The Trans-Siberian Railway is the world’s longest railway. It was built over a 25-year period between 1891 and 1916 to link Moscow with Vladivostok via inhospitable Siberia, that remote outpost right in the east of the Russia. It originally went via the cities of Perm, Yekaterinburg, Omsk, Novosibirsk, Krasnoyarsk, Irkutsk, Chita, and Khabarovsk.

There are three rail routes on the Trans-Siberian Railway – terminating at Moscow, Beijing and Vladivostok – as well as a weekly connection to Pyongyang in North Korea from Moscow. The three main routings are:

  • The main Trans-Siberian route from Moscow to Vladivostok (Pacific Terminus)
  • The Trans-Mongolian, from Moscow to Beijing via Ulan Bator in Mongolia
  • The Trans-Manchurian, through Siberia and Manchuria (China) to Beijing

To get to the start of the Trans-Siberian Railway, rail services run to Moscow from all over Europe. Those coming from London (one-way) start on the Eurostar London to Brussels service, from where you can get to Moscow via Berlin and Warsaw. You can also get to Moscow by coach with Eurolines, or indeed fly in direct.

If you are coming in the other direction starting at Vladivostok, you can get a ferry over from Fushiki in Japan (northwest of Tokyo) and from Sokcho in South Korea. Aeroflot also fly to Vladivostok, while those starting from Beijing have many options.

You will of course need to do a fair bit of planning other than simply booking tickets and turning up. Most of the routings will require travelers to pick up visas for all three countries – China, Mongolia and Russia. China and Mongolia tourist visas are straightforward enough, yet Russia can be a pain. Russian visas are by invitation only and need to be registered once in the country. Those from the US won’t need a visa for Mongolia.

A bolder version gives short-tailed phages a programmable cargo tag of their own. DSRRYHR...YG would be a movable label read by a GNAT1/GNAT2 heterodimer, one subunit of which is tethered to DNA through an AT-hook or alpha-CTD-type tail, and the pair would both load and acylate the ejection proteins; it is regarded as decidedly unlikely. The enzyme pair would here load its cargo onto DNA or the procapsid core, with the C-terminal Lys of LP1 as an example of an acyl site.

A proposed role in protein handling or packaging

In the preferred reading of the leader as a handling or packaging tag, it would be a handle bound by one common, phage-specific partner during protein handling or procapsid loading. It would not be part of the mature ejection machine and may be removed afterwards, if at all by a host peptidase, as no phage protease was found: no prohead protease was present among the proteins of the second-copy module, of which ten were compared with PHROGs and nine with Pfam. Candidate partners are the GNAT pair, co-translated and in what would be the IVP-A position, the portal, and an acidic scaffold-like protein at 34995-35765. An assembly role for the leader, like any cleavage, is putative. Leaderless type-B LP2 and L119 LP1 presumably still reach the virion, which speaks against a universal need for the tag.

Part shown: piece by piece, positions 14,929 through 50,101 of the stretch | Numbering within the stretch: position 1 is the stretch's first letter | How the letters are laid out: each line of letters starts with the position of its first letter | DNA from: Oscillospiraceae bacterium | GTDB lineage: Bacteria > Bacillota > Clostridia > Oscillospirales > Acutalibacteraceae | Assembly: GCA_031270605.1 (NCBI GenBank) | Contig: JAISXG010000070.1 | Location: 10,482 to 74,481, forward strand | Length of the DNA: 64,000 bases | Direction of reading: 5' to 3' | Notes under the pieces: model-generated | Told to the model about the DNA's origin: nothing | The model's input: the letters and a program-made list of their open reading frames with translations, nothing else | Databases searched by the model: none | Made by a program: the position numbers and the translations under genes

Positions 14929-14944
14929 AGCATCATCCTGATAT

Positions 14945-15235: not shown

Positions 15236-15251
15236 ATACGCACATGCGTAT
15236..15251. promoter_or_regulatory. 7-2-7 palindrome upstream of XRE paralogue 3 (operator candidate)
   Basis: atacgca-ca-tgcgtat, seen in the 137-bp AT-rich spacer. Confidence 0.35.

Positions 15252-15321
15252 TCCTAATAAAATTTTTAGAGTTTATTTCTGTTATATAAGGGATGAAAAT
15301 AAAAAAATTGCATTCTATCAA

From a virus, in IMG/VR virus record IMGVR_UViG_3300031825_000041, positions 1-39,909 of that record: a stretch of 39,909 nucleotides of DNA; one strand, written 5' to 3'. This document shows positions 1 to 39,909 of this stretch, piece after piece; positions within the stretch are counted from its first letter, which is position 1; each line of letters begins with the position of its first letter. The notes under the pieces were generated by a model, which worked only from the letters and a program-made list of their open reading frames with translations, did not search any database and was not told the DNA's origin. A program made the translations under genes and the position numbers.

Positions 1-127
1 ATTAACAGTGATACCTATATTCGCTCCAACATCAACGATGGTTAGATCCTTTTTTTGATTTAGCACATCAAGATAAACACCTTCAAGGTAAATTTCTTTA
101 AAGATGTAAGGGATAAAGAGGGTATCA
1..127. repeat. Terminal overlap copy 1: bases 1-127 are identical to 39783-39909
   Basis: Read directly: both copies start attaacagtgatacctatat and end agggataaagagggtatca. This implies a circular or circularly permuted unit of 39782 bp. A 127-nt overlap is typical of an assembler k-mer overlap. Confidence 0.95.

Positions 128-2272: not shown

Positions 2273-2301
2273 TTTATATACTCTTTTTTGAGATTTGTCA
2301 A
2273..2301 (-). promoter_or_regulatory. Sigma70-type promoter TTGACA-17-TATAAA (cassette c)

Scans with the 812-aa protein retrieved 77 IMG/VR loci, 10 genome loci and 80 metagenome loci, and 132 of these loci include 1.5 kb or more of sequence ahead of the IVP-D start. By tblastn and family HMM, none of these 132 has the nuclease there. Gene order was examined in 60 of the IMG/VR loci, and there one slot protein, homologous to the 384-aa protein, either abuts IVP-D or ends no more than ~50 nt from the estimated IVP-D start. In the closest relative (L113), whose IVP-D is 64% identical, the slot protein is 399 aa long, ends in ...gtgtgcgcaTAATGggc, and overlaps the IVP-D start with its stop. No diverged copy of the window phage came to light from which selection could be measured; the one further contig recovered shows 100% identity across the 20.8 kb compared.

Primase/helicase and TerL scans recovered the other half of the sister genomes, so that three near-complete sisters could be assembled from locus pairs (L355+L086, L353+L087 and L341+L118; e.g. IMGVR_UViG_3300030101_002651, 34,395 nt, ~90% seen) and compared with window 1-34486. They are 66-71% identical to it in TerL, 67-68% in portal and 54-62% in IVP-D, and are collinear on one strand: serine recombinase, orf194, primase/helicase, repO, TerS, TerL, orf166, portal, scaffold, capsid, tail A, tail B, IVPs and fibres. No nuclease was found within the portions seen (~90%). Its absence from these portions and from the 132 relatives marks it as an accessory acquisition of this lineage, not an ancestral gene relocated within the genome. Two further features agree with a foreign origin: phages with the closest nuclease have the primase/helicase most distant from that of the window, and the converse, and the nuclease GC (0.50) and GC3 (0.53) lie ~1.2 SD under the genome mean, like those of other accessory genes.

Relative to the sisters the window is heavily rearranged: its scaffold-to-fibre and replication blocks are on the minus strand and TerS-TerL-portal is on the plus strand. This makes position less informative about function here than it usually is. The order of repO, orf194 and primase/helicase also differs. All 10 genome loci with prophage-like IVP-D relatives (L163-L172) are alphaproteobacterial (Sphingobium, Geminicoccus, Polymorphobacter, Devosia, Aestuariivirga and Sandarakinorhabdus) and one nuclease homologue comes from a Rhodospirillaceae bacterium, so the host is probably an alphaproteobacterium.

The ticketing system for the Trans-Siberian Railway in the Russian part can also be a pain. You will need to fix the dates on purchasing the tickets for the Russia sector and not deviate from your plans. If you decide to stop off anywhere the rest of the ticket will be cancelled.

Schedules are varied on Trans-Siberian services, with some trains running daily, some on odd and even dates, and others only running one or twice a week. You can also get caught out by the so-called passing-by trains, such as the Ekaterinburg to Irkutsk section of the Vladivostok train, which is part of a longer schedule, affecting availability.

Fares are also up and down, with the Russian services subject to dramatic changes from season to season. A markup of 40 per cent or more is not unheard of in the high season.

Long haul journeys on the Trans-Siberian Railway come with sleepers, while services from Moscow to St Petersburg have seats only. Three classes are available on Russian trains: first class (SV), second class and third class.


  • Plan well ahead
  • Ensure passport and visas are in order
  • Photocopy your travel documents and scan and email to yourself
  • Keep a physical copy of the documents separate from the real ones
  • Pick up travel insurance
  • Visit your GP and ask about vaccinations well before you depart
  • Take your favourite books to read to relieve boredom on drab sections
  • Pack wisely, taking note of the climate in the depths of Siberia